In one way, it’s hard to see how this problem arises: souls are forms, and so if this were really a problem, then there would also be an interaction problem for basketballs: How does a sphere interact with solid rubber? How does a Euclidean solid respond to the molecular structure of hydrocarbons? What an untenable dualism!”

But isn’t the soul a form in the substantial order, and not in the accidental order? Yes, but this still doesn’t give a duality of substances. Thomists don’t believe that the body has a substantial form that the soul is added to. The substantial character of the body is simply a certain emanation from the soul, and is lost immediately at death. “Corpse” is not the name of some one thing, but of a heap of things that have no actual relation to one another. Where is the duality? Interaction problems are between two things, but there simply are not two things here.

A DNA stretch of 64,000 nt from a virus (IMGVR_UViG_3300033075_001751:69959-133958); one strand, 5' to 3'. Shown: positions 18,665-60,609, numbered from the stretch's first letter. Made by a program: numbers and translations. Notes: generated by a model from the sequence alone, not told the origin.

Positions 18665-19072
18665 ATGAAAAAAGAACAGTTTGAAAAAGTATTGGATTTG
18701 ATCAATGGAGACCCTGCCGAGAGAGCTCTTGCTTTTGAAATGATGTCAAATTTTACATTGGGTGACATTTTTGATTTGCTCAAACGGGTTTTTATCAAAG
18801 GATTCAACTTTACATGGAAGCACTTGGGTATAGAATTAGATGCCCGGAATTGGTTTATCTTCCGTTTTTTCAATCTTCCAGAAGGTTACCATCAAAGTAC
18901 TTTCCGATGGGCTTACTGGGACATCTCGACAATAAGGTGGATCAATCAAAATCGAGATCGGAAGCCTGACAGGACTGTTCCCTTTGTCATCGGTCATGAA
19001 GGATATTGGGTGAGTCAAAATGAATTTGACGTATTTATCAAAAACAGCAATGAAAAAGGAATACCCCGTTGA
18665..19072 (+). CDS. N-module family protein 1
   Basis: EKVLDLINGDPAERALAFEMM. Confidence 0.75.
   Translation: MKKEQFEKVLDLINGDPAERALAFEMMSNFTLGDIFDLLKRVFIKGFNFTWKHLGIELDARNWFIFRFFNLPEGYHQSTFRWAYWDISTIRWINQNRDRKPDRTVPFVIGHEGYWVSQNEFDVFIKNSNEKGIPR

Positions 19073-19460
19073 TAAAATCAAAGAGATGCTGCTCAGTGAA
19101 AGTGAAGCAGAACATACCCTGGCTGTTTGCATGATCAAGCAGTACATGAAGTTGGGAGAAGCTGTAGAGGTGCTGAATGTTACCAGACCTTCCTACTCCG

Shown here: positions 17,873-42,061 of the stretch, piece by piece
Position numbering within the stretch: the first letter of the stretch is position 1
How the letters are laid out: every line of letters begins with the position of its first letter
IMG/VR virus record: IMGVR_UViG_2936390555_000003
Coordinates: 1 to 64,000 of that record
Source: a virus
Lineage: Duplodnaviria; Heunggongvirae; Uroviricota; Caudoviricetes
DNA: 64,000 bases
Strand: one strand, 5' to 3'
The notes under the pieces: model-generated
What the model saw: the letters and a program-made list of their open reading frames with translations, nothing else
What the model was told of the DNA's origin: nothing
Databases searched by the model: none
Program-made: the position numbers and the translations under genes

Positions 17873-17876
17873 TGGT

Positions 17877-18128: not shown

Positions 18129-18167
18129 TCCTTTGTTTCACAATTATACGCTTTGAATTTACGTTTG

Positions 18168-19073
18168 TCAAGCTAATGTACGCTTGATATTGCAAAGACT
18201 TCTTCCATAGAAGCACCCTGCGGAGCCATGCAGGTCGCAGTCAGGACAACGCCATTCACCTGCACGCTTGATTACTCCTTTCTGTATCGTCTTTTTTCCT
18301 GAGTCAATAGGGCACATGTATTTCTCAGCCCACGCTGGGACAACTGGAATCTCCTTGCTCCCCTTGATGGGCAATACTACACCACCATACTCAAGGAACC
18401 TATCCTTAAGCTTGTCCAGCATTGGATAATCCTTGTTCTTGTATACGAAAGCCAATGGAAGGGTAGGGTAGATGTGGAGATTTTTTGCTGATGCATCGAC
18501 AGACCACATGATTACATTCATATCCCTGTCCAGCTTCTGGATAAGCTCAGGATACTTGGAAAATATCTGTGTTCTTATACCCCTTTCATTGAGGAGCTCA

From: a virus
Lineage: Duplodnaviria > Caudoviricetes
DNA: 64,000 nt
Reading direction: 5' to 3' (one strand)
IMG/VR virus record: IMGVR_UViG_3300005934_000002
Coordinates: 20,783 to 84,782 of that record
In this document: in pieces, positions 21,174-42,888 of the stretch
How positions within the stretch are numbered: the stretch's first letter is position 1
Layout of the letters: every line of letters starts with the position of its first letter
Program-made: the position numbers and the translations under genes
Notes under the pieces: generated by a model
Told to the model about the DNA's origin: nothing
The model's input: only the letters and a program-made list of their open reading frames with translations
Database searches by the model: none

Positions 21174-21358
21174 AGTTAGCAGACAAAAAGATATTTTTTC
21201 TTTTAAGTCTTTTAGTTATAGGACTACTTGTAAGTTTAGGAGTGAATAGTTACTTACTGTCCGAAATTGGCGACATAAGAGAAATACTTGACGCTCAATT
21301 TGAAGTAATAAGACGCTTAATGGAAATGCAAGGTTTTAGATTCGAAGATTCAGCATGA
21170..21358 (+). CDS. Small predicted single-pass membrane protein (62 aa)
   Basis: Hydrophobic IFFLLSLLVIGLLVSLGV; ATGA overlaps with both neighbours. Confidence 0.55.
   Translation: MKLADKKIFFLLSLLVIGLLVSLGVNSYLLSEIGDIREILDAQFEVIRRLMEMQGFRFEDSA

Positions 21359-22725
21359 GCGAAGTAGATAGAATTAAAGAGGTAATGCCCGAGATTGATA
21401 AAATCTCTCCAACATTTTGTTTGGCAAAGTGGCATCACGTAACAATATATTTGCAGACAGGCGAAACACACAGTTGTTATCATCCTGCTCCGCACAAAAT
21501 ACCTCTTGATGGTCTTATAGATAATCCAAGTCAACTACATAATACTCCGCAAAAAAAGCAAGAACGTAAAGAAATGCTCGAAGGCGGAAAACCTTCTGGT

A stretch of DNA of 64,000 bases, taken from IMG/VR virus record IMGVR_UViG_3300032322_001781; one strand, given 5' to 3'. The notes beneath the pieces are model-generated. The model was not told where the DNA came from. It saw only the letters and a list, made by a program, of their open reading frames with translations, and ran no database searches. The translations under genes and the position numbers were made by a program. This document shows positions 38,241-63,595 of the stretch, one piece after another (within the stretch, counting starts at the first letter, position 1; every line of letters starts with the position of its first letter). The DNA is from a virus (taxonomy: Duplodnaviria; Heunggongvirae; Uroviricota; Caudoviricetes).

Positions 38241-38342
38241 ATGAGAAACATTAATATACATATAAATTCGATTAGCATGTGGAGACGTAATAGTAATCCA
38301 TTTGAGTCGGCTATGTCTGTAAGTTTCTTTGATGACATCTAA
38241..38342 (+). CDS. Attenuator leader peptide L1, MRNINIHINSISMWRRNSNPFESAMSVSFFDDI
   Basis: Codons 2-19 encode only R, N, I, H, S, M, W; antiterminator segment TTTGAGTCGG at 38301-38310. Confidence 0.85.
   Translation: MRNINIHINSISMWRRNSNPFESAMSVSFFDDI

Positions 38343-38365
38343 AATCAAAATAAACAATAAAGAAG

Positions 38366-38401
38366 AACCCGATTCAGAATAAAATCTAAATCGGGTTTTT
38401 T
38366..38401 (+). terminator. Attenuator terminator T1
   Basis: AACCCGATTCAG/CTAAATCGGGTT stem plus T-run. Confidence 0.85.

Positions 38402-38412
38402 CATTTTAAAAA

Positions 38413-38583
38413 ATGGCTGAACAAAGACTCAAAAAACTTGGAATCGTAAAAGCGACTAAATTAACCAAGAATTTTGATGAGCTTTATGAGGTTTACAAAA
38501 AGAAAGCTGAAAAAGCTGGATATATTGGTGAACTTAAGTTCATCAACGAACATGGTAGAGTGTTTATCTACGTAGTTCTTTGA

It turns out that soul-as-Stephen-Pinker understands it is a silly and mythical entity that owes its existence to Stephen Pinker (or any of us) being deceived by false imagination. First, we turn forms into things simply speaking; when in fact forms are certain things only with qualification that are necessary to explain what we call things simply speaking. If the verbiage there is too dense, just ask yourself if the roundness of a basketball a thing without any qualification. When you see a basketball, do you say that you see two things, a basketball and its roundness? There is also a second deception by false imagination that Pinker manifests by his “spook” talk.  Pinker is clearly conceiving immateriality as a kind of material existence- for it is precisely as material that beings exclude each other, become impenetrable to one another, and can only assimilate others by destroying them (that is, by digesting them). Immateriality is a negation of exactly this sort of exclusion that one is tacitly assuming when he posits an interaction problem between spirit and matter. Immateriality is (self evidently) the negation of material parts, and whatever lacks material parts cannot be excluded or rejected by the material parts of another, any more than a triangle is destroyed by adding a point to it. So even if one said that the material body and the immaterial soul were two substances simply speaking, there would be no problem of how one interacted with the other by perfectly penetrating and incorporating itself into it, since immateriality removes the impediment to this perfect penetration.